A brief spoiler-free review of the 30-minute 2015 anime original film “Typhoon Noruda,” animated by Studio Colorido, and directed by Youjirou Arai.
Thunder in the Distance
On the eve of his middle school culture festival, Azuma has a fight with his best friend Saijou after suddenly deciding to quit their baseball team. Azuma’s reasons are his own, but Saijou just can’t understand why his friend would depart from the sport they’ve been playing together since childhood. Any time for reconciliation is cut short by the shattering of a glass window in their classroom, and the fierce winds of a typhoon rocking their little island.
Right before the rain hits, Azuma notices a girl who, despite wearing their school uniform, doesn’t actually attend their school. Or at least, she shouldn’t. Shrouded in mystery, the girl quickly flees, and the storm rages on. What connects this enigmatic girl to the typhoon that is shaking up their island, and can Azuma and Saijou’s friendship be saved by this tempestuous storm of emotions?
As far as characters go, Azuma and Saijou aren’t the most memorable boys out there, but they tell their story well enough to convey their frustrations with miscommunication and self-esteem. They are charming in their own way, Saijou embodying the “prince” of the class, confident and always willing to lend a hand, and Azuma being a total introvert just wanting to mind his own business and figure out what kind of person he truly wants to be. Dynamic as they are different, they really do mirror the interplay between thunder and lightning, rain and wind—one following the other in this clash of ambitions.
To save a young girl, two boys must first save themselves. Azuma uses the girl’s dire situation to prove to himself that he can help other people, and Saijou takes Azuma’s abrupt disappearance to reflect on their relationship. I can’t really say anything about the mystery girl without spoiling the entire plot, but I find her mere presence and willingness to lend an ear to a complete stranger to be proof that people are—as they have always been—worthy of redemption.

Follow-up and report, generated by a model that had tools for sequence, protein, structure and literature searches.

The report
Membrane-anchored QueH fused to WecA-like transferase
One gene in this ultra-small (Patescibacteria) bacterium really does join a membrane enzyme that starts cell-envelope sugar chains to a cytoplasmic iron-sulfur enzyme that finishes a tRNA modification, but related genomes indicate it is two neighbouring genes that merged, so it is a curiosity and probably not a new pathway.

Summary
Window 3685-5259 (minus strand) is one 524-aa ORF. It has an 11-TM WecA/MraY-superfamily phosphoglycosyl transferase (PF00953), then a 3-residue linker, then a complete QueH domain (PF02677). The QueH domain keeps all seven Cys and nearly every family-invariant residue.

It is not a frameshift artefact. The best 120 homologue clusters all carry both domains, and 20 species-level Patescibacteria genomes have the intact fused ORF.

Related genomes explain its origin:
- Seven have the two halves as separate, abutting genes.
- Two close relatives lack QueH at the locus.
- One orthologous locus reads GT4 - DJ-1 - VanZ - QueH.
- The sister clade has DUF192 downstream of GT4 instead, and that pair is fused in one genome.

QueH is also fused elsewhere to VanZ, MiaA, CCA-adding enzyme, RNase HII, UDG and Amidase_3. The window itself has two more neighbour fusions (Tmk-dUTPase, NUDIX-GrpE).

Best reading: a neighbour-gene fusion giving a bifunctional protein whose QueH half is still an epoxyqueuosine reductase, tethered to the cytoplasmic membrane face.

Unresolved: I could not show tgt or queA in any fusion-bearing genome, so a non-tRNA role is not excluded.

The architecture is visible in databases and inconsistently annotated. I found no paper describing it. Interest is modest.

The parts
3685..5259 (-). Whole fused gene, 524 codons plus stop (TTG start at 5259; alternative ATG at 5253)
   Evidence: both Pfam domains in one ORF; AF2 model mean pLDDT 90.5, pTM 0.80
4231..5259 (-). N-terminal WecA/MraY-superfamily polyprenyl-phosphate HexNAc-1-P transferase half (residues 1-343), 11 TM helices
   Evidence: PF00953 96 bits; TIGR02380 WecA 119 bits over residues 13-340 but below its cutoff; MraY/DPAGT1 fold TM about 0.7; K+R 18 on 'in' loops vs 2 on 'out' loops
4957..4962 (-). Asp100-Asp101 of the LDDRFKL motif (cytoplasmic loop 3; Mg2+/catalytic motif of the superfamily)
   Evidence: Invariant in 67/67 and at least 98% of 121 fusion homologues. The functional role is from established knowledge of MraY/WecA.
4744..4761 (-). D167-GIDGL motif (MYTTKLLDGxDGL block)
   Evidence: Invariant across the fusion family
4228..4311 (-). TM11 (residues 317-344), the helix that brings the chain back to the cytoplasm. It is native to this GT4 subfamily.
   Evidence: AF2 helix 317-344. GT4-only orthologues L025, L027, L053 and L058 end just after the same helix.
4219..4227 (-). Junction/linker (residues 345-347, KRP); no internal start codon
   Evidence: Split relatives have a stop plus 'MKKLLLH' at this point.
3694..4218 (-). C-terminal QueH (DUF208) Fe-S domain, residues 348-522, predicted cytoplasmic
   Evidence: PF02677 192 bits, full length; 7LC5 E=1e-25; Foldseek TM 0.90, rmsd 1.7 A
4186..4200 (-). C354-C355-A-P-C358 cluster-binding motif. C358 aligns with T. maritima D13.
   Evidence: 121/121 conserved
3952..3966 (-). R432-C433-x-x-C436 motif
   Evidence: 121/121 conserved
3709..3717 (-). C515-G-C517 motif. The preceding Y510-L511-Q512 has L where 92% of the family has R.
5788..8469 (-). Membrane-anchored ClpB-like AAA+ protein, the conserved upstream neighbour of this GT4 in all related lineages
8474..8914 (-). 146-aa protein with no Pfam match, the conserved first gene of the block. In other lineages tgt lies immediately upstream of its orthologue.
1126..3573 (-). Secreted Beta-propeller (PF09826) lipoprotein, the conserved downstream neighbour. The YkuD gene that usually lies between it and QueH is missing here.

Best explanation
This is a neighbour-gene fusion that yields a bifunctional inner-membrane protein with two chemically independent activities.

Soaked in Aesthetic
What immediately draws the viewer to Typhoon Noruda is the animation, no two ways about it. From the sparkling rain to the leafy trees, busted wooden floorboards, and colorful school festival debris blowing in the wind, the attention to detail in crafting this turbulent environment truly paints the picture of a severe tropical thunderstorm.
The film looks incredible, with fluidly animated and expressive character designs, and the titular storm intensifying in the background. And the ash-colored clouds, how they move with such majesty, as if to shout, “Behold the storm!” Talk about a stunning sight. Down to the last drop, Studio Colorido produces a visual spectacle, and an ode to all us thunderstorm lovers. It’s as if a Makoto Shinkai setting and Mamoru Hosoda characters were married off and bang, Typhoon Noruda. Well, Comix Wave Films was listed in the credits, so it’s no wonder the Shinkai aesthetic feels so present here.
For sound, Typhoon Noruda is supported by your standard string orchestral soundtrack, 15 minutes worth of music that follows the characters through to the climax. The real gem here is the credits song, “Arashi no Ato de” or “After the Rain” by Galileo Galilei, which is so good it gets its own official VEVO video, how about that. Seriously though, reminiscent of youthful days and fleeting childhood, this ED theme was how I was introduced to the film—and it’s arguably better than the film itself!
Lastly, John Swasey directs a solid dub, Greg Cote conveying the honesty and extroverted nature Saijou’s rash character, and Adam Gibbs nailing the discomfort and insignificance of Azuma’s naivete. I found myself really relating to Azuma through Gibbs’ performance, as I certainly know what it feels like to be the social outlier in class.
Rain or Shine, We’ll Make it Through
Just as it sounds, Typhoon Noruda is a school fantasy short film anchored around youth and friendship. Despite only 26 minutes to tell its story, the film does follow a decent progression of exposition, rising action, and climax, never sticking on one plot point for too long. By the end, the conflict between the two boys feels decently resolved, and you’re only left briefly pondering a bit of the fantasy aspect (which I won’t spoil for you). It’s not perfectly convincing by any means, but for a mere half hour, the experience of the storm itself makes the film worth watching.
Simply, Typhoon Noruda is an entertaining, endearing story about insecurities and self-expression. As a small indie project from Studio Colorido, the visual and audio quality of the piece far outshines any looming clouds one may have about the plot and characters. Save this one for a rainy day, and you just might find yourself whisked away by the storm, left only to the freeing pleasure of having watched two relatable teenagers face life head-on—and leave their misgivings with youth behind with no regrets.
Remember, cherish what you have. — Noruda
I remember chatting with Neha over at Biblionyan, saying how I’ve been wanting to watch this film for sooo long, and how I even owned the Blu-ray yet just left it sitting on my shelf! Well, part of me was saving it for a rainy day (literally) to soak in the entire ambiance of stormy afternoons, which I finally got. I talked more about that feeling in my most recent “Cafe Talk,” so be sure to check that out. Anyway, I’m really glad that I enjoyed the “Cake” worthy Typhoon Noruda. It’s not a novel piece by any means, but for 30 minutes of unfiltered thunder and rain, what’s to lose?
I’d love to hear whether or not you enjoyed this recently licensed title by Sentai Filmworks! If you’ve yet to see it, but have been wanting to as I was, I pray for a cloudy day on the forecast just for you! Until next time, this has been
– Takuto, your host